Peak iPhone Panic
Stories of panic that paint a credible path to Apple's rapid demise have always been popular as link-bait, but today the attraction is simply off the charts, due to the fact that the Internet has shifted from an alternative way for print and television journalists to distribute their ideas into an ad-supported trough where the dumbest ideas which can generate the most outrage best serve as co-conduits for paid messages.
Welcome to Google's ad internet, where the New Content is ads and the headlines are just tricking you into reading them! This problem is tightly bound to another problem: a complete ignorance of why Apple, not Google, is generating so much free cash flow and how Apple ever got to its current position when everyone knows, via Google's ad supported news channels, that Android is winning!
Fortunately both ideas are so tightly bound together that they can be dissected in one article.
Peak iPhone? The consumption of computers is not over
There appears to be a broad consensus among pundits that iPhone growth is going away, and that without selling increasing volumes of iPhones each quarter— and without Steve Jobs to invent some new product category— Apple will be unable to maintain its position as the world's largest and most valuable tech company.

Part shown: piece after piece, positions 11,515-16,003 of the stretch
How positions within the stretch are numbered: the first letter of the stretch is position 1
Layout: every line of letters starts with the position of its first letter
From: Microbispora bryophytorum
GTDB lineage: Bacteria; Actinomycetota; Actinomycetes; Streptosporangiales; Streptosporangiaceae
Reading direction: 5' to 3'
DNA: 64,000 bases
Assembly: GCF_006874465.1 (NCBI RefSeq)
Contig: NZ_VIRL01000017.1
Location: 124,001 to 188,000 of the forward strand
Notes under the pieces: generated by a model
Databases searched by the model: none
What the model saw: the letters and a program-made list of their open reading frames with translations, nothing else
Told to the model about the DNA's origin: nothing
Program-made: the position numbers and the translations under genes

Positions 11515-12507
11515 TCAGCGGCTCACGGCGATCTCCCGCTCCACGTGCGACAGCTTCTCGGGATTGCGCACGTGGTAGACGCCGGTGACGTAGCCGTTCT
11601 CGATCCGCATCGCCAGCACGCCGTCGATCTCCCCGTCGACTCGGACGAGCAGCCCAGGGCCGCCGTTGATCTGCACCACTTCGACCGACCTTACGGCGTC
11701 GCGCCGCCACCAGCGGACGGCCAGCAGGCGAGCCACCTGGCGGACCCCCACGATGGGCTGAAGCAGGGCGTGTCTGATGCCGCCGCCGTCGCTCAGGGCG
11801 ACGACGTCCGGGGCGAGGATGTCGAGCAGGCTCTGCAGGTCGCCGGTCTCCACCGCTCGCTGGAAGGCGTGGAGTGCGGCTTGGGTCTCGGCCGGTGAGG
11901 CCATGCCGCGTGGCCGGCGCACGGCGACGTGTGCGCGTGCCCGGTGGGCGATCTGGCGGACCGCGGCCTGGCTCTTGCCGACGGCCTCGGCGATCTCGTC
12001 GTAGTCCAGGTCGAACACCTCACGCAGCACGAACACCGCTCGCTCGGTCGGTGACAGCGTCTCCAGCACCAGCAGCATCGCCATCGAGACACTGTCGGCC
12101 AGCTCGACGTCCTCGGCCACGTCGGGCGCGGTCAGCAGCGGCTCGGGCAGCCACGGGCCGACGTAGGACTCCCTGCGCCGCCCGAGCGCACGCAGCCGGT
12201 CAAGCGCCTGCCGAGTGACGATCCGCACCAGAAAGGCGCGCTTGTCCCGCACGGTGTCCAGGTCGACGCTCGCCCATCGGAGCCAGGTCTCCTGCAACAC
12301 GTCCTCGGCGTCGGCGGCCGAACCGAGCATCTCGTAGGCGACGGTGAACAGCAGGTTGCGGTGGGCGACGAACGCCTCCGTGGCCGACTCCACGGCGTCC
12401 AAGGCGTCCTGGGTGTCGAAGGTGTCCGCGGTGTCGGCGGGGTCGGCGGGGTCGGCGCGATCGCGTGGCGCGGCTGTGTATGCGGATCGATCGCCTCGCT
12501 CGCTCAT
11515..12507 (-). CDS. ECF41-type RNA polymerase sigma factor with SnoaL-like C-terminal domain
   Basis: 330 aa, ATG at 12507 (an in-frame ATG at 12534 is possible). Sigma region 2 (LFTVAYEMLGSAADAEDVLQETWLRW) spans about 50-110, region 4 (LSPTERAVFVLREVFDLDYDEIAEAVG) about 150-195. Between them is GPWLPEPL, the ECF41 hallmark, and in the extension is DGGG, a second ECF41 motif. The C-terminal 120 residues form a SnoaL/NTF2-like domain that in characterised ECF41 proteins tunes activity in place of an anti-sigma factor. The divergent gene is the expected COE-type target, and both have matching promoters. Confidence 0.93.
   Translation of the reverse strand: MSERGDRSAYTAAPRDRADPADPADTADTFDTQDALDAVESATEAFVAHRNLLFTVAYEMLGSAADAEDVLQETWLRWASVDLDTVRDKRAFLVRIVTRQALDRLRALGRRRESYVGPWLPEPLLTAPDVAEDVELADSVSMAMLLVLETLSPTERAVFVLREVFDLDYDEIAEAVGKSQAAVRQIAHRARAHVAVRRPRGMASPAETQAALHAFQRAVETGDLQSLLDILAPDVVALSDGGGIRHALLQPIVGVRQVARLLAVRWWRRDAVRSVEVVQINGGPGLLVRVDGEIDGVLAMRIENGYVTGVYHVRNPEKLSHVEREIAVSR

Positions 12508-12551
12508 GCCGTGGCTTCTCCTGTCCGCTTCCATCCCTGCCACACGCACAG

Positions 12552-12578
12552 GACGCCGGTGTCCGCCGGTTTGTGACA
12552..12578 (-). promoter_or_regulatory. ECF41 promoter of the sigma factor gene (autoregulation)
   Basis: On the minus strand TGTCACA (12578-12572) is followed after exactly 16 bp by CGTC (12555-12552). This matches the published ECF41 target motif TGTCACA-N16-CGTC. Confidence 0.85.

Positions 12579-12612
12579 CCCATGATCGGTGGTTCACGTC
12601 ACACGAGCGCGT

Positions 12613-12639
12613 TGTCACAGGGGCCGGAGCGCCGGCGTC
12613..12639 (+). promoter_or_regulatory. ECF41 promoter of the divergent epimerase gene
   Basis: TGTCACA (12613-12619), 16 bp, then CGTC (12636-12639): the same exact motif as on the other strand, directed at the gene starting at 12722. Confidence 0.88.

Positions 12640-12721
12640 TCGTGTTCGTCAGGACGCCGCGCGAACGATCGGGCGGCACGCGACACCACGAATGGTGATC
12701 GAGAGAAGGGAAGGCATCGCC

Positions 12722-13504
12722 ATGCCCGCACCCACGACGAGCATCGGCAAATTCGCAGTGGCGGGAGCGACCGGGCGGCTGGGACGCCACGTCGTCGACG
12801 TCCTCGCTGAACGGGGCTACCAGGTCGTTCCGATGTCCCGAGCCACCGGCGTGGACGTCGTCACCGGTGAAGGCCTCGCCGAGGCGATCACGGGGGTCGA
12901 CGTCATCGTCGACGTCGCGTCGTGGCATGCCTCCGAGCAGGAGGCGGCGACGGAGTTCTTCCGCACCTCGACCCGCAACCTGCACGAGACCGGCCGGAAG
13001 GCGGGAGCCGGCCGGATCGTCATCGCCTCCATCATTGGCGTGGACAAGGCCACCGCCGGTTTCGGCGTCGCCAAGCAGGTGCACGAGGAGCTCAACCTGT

Once you begin taking a closer look at the history of Apple and RIM, the surface comparison begins to implode under the weight of facts
The idea that Apple could become a Blackberry is therefore a provocatively attractive one. However, once you begin taking a closer look at the history of Apple and RIM, the surface comparison begins to implode under the weight of facts.
First, take a look at where Apple was prior to the iPhone. Coincidentally, criticism of Apple back then was shockingly similar to where it is again today. One might say this all happened before.